German financial sector does not believe that inflation rates will normalise in the short term – calls to abandon expansive monetary policy
The inflation rate in Germany is currently around 4%, in the Eurozone around 3%. The question is whether the ECB’s monetary policy, which has been highly expansionary for a number of years, will now actually lead to prices rising in the long term or whether this is a temporary phenomenon triggered by special factors (e.g. a temporary reduction in VAT). Some market observers expect the inflation rate to normalise to around 2% in the course of the first half of 2022.
Other market observers do not foresee a normalisation in the short term, but point to sharply rising energy prices, rising food prices and rising producer prices due to supply bottlenecks. Even the spectre of impending stagflation (simultaneous occurrence of economic stagnation and inflation) is evoked in some quarters.
The ECB has announced that net purchases under the Pandemic Emergency Purchase Programme (PEPP), which has a total volume of EUR 1,850 billion, will continue until at least the end of March 2022.
A survey conducted by the CFS among financial industry professionals and managers on the topic of inflation revealed a surprisingly clear picture: 72% of the respondents do not (!) expect the inflation rate to normalise to around 2% by the middle of next year. Accordingly, 87.7% of the panel participants believe that the ECB should abandon its expansionary monetary policy. As many as 88.7% of the respondents believe that the ECB should moderately raise key interest rates in the near future.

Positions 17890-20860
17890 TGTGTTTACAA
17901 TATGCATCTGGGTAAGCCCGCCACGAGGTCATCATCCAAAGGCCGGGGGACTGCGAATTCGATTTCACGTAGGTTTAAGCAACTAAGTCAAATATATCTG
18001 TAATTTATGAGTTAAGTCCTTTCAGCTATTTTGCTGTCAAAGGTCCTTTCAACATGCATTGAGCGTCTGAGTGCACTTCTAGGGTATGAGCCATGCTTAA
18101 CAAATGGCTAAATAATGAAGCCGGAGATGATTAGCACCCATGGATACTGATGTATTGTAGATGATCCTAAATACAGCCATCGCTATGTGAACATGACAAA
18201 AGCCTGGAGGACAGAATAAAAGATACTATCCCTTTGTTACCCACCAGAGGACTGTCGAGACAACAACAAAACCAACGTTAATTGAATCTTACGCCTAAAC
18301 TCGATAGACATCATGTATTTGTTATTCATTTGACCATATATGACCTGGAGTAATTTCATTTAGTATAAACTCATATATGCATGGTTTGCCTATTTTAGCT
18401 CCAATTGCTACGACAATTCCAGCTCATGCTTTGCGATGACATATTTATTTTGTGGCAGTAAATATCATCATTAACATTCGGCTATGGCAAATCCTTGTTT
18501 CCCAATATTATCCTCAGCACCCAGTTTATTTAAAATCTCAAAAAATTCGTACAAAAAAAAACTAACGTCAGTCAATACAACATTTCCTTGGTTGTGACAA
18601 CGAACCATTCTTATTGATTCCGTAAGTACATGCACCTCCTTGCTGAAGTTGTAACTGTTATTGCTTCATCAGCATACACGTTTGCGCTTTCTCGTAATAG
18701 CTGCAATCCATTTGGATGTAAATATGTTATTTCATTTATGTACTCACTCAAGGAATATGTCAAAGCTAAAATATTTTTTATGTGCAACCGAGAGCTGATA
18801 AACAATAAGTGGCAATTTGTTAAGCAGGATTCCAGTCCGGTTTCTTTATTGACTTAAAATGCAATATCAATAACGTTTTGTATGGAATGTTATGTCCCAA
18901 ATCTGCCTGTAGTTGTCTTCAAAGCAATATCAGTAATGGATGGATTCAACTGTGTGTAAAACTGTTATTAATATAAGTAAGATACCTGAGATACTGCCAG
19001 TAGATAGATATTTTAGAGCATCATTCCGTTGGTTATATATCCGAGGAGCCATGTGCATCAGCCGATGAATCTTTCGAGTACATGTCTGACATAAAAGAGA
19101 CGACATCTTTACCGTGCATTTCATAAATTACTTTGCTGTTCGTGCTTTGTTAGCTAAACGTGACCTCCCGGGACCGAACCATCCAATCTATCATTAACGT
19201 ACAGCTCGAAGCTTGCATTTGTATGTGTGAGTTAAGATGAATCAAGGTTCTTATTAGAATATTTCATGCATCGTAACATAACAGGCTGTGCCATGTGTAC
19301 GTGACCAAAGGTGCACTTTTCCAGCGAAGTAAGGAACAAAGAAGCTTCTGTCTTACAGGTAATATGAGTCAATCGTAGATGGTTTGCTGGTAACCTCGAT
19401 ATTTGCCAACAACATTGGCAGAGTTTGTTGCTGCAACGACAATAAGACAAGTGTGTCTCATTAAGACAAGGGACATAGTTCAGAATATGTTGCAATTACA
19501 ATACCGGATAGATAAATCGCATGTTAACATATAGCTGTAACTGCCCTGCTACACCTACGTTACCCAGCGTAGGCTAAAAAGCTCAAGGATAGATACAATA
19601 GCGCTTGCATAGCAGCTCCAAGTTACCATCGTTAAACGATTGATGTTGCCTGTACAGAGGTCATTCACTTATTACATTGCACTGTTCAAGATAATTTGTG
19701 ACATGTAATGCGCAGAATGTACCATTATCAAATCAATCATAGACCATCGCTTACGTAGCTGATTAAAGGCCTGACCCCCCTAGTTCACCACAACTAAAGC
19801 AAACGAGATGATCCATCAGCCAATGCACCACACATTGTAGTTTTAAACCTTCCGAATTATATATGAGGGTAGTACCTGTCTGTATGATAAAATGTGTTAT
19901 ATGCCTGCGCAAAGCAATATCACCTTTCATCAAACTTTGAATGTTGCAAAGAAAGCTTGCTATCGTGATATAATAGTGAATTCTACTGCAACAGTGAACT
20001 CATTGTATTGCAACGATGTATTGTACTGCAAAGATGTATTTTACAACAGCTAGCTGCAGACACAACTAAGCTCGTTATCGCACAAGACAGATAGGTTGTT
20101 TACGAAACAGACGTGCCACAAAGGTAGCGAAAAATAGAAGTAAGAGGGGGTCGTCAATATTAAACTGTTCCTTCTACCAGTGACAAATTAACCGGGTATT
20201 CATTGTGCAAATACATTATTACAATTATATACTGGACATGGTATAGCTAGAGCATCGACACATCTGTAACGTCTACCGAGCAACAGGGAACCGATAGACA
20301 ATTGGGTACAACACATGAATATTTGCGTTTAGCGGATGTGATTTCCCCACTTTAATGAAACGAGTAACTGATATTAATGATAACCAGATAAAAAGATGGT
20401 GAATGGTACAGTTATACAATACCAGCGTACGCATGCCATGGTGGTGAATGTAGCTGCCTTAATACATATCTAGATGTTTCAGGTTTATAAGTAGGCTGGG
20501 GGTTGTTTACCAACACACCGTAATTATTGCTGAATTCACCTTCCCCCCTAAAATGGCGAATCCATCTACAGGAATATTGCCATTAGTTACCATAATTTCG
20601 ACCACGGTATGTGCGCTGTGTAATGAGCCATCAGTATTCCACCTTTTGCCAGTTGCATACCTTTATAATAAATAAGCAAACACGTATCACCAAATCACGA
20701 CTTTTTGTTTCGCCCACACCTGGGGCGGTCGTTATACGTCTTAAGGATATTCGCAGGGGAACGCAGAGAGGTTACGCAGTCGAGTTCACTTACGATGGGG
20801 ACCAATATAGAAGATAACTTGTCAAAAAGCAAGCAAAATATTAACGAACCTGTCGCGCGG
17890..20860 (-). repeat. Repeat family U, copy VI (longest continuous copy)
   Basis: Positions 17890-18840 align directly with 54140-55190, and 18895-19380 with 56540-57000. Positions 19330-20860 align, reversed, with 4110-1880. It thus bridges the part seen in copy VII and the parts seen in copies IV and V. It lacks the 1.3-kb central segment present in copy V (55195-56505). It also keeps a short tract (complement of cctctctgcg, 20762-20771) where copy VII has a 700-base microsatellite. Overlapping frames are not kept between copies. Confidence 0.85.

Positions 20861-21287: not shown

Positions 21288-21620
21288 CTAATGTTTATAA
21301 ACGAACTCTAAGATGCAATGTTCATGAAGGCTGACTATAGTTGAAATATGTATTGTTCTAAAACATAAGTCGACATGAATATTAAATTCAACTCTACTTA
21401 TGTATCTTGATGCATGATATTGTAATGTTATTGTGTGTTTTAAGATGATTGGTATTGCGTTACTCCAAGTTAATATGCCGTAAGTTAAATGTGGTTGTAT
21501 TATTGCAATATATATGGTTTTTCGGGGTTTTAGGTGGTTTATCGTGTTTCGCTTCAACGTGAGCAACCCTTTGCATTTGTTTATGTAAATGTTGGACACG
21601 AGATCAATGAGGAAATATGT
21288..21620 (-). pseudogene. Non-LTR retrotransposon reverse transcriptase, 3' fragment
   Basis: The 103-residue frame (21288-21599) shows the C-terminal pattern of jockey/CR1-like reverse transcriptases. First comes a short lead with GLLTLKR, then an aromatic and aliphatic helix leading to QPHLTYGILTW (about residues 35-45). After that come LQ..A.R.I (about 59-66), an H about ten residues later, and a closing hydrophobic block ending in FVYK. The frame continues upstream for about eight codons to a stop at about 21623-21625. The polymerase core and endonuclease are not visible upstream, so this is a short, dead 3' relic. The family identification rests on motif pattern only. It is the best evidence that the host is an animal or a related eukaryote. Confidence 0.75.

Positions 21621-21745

“The call for an end to expansionary monetary policy comes from an overwhelming majority of market participants. The ECB should take this on board,” says Professor Volker Brühl of the Center for Financial Studies. “Because the markets have a fine sense for when they are in danger of overheating,” Brühl continues.
58.7% of respondents continue to see the risk of stagflation – i.e. the simultaneous occurrence of a stagnating or declining economy and inflation – while 40.6% do not currently see this as a risk.
Similarly, there is a clear call for an end to negative interest rates (currently -0.5%) on banks’ deposits with the ECB. According to 81.5% of the respondents, these should be discontinued, while 15.4% are in favour of keeping them. “According to the overwhelming majority of market participants, it is time to signal the end of negative interest rates,” adds FMF Managing Director Hubertus Väth.
We would like to thank Frankfurt Main Finance e.V. for financially supporting the project.
Press Release (pdf)
Presentation (pdf, German)